On Saturday morning, I was reading the Report on Business Magazine that come once a month with my Globe and Mail newspaper when I came upon this Exit Interview article with Richard Currie – now, while the article is interesting, what really caught my attention was his response to the question “What are your rules for running a business?” which was:
“I dislike centralization with a passion – the idea that all the brains and ability reside at the top, and the rest of the organization has to be obedient.“
I have been thinking for a while about the “cult of leadership” – in a book on this topic, The Wisdom of Crowds
, James Surowiecki
identifies one of the challenges is that we put too much faith in individual leaders or experts, either because of their position or track record and that these individuals also become over-confident in their abilities. I don’t want to question the ability and competence of all leaders or experts – while I certainly have seen my share of bad ones, most are good people doing the best they can. However, in today’s increasingly complex and fast-paced knowledge economy, much of which is both enabled by and driven by technology, it is unrealistic to expect individuals, however good they are, to have all the answers, all the time. The reality is that neither position nor past success is any guarantee of future success.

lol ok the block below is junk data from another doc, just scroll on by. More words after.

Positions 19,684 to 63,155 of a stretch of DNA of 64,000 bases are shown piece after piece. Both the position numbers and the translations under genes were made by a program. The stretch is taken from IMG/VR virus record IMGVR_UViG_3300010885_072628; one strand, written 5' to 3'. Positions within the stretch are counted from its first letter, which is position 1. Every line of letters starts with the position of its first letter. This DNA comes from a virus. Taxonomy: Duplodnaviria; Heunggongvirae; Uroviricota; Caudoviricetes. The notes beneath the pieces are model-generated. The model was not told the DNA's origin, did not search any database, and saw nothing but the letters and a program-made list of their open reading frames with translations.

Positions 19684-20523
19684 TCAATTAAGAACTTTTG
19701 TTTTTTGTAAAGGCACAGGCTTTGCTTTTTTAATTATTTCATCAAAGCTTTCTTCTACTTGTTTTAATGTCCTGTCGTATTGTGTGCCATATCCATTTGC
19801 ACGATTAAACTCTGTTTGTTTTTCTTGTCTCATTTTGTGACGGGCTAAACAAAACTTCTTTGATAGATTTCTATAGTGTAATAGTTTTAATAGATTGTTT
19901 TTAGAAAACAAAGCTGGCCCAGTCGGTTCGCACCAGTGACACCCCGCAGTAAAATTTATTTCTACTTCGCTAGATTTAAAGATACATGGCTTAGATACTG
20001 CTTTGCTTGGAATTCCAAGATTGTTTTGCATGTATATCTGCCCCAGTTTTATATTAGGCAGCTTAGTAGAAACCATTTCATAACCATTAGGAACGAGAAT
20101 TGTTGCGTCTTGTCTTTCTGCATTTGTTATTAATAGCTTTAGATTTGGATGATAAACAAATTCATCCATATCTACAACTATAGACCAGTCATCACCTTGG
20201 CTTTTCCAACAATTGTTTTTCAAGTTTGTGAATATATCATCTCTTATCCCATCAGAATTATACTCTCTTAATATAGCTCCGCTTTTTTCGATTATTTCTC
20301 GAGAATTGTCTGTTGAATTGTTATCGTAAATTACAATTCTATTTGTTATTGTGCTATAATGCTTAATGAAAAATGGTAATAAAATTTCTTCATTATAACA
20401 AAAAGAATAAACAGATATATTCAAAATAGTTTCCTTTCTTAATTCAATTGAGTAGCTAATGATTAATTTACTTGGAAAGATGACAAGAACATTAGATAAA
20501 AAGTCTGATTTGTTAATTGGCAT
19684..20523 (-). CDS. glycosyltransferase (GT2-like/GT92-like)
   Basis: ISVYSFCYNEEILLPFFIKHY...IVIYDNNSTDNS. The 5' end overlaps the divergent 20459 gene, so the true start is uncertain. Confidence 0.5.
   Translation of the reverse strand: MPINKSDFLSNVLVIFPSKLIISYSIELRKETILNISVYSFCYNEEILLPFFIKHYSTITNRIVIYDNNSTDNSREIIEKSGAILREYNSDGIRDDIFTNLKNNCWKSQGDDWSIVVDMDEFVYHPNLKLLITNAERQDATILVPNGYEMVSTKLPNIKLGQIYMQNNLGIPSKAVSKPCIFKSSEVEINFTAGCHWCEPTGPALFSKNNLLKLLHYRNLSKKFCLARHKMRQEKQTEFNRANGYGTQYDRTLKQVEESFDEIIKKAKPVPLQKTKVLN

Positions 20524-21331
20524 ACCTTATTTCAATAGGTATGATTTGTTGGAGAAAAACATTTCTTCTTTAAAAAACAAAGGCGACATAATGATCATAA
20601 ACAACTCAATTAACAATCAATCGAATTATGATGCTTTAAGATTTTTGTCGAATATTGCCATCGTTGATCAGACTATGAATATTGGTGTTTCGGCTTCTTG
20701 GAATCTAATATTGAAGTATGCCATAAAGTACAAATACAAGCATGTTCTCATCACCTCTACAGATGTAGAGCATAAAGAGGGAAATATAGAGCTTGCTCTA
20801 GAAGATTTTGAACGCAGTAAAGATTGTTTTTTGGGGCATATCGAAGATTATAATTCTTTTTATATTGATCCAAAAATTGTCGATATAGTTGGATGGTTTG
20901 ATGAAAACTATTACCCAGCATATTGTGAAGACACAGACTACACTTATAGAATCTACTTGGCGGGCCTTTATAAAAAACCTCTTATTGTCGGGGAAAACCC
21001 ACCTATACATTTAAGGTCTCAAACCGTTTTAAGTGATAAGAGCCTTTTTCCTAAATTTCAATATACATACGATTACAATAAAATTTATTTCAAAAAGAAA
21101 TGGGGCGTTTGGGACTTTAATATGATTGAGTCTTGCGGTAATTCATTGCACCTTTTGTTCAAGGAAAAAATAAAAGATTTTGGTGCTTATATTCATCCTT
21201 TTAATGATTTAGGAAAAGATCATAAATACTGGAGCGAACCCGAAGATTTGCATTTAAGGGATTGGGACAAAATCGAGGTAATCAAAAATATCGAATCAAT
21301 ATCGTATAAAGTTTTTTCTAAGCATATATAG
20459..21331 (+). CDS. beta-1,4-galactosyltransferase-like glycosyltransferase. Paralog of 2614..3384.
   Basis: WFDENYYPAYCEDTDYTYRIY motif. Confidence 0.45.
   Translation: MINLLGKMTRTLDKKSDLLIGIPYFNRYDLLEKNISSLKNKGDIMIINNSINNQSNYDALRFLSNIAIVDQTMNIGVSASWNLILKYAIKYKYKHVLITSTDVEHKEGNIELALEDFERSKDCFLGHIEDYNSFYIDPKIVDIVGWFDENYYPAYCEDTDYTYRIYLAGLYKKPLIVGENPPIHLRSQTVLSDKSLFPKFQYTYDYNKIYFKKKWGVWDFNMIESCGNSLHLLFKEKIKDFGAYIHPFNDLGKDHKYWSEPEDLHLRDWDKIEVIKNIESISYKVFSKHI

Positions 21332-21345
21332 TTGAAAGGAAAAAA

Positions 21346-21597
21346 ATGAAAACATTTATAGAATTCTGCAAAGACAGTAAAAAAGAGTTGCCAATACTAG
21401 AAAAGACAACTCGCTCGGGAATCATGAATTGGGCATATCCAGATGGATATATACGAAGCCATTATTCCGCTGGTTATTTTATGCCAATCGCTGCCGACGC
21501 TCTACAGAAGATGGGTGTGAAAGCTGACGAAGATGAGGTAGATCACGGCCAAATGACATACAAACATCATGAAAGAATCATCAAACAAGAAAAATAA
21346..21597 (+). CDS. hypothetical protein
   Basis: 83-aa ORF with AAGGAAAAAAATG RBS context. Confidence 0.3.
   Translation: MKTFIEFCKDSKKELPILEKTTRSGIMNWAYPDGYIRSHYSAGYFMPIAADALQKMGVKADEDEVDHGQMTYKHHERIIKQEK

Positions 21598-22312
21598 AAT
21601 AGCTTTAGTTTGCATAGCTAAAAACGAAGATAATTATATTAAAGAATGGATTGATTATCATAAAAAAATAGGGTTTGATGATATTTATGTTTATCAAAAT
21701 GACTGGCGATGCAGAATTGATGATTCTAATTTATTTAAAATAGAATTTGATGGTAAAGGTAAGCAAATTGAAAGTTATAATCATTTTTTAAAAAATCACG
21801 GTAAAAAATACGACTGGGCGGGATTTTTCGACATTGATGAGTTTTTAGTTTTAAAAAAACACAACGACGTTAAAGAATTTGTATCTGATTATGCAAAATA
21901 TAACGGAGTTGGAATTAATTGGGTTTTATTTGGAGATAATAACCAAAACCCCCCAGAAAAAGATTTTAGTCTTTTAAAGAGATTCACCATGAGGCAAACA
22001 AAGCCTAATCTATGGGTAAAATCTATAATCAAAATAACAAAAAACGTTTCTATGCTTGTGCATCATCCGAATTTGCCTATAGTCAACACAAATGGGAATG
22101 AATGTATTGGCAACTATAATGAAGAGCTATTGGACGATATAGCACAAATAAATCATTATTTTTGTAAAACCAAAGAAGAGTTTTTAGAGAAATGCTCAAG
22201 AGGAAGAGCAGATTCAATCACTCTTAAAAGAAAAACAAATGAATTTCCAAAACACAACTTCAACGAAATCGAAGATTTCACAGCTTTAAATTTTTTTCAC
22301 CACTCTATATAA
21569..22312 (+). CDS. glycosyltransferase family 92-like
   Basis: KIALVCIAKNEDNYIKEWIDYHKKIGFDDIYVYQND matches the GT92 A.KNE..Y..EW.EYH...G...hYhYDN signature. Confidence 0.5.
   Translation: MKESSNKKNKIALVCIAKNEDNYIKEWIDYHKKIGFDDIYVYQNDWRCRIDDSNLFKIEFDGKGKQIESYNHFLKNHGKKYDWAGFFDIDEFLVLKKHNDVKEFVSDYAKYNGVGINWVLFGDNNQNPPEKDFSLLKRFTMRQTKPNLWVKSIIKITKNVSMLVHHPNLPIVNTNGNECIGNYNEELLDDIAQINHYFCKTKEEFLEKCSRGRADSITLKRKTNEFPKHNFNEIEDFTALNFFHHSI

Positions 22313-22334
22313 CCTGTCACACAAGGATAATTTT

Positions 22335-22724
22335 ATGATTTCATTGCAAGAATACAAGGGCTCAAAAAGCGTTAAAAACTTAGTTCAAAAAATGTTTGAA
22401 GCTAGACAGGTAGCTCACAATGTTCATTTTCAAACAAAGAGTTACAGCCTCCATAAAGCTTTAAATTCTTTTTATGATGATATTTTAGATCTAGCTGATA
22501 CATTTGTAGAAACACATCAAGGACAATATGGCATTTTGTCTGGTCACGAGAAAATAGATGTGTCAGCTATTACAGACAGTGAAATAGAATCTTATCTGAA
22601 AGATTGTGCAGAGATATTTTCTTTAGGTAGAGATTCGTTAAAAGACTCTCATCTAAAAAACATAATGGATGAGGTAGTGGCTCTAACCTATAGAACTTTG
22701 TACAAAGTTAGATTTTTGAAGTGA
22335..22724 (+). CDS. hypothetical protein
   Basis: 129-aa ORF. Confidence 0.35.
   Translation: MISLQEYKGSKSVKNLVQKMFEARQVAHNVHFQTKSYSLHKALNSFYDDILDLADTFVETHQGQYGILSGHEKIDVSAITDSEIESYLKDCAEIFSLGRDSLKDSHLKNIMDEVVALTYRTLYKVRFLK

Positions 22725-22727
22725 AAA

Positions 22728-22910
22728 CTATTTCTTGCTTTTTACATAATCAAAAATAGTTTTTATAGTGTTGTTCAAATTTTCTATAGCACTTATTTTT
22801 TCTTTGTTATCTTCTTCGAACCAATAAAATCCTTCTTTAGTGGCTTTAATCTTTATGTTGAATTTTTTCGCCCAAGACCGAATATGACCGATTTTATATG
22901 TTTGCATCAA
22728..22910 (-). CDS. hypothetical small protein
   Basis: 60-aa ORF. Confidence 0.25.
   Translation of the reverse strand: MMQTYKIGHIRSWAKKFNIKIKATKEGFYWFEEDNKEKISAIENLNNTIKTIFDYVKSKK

If organisations are to succeed in today’s knowledge economy, they cannot constrain themselves to the knowledge of a few individuals – to put it a more brutal way, they cannot be constrained by the habits or ego(s) of their leader(s)! Organisations must tap into the collective knowledge of all their people. We need effective governance that reaches out to and involves key stakeholders – retaining appropriate accountability, based on the law of subsidiarity – an organizing principle that matters ought to be handled by the smallest, lowest or least centralized competent authority. This means locating accountability and decision-making at the most appropriate level, while supporting decisions with broader and more knowledgeable input.
This leads to an unlikely but interesting marriage – that of “traditional” governance and social networking – I believe that this has enormous potential – stay tuned for more thinking on this topic!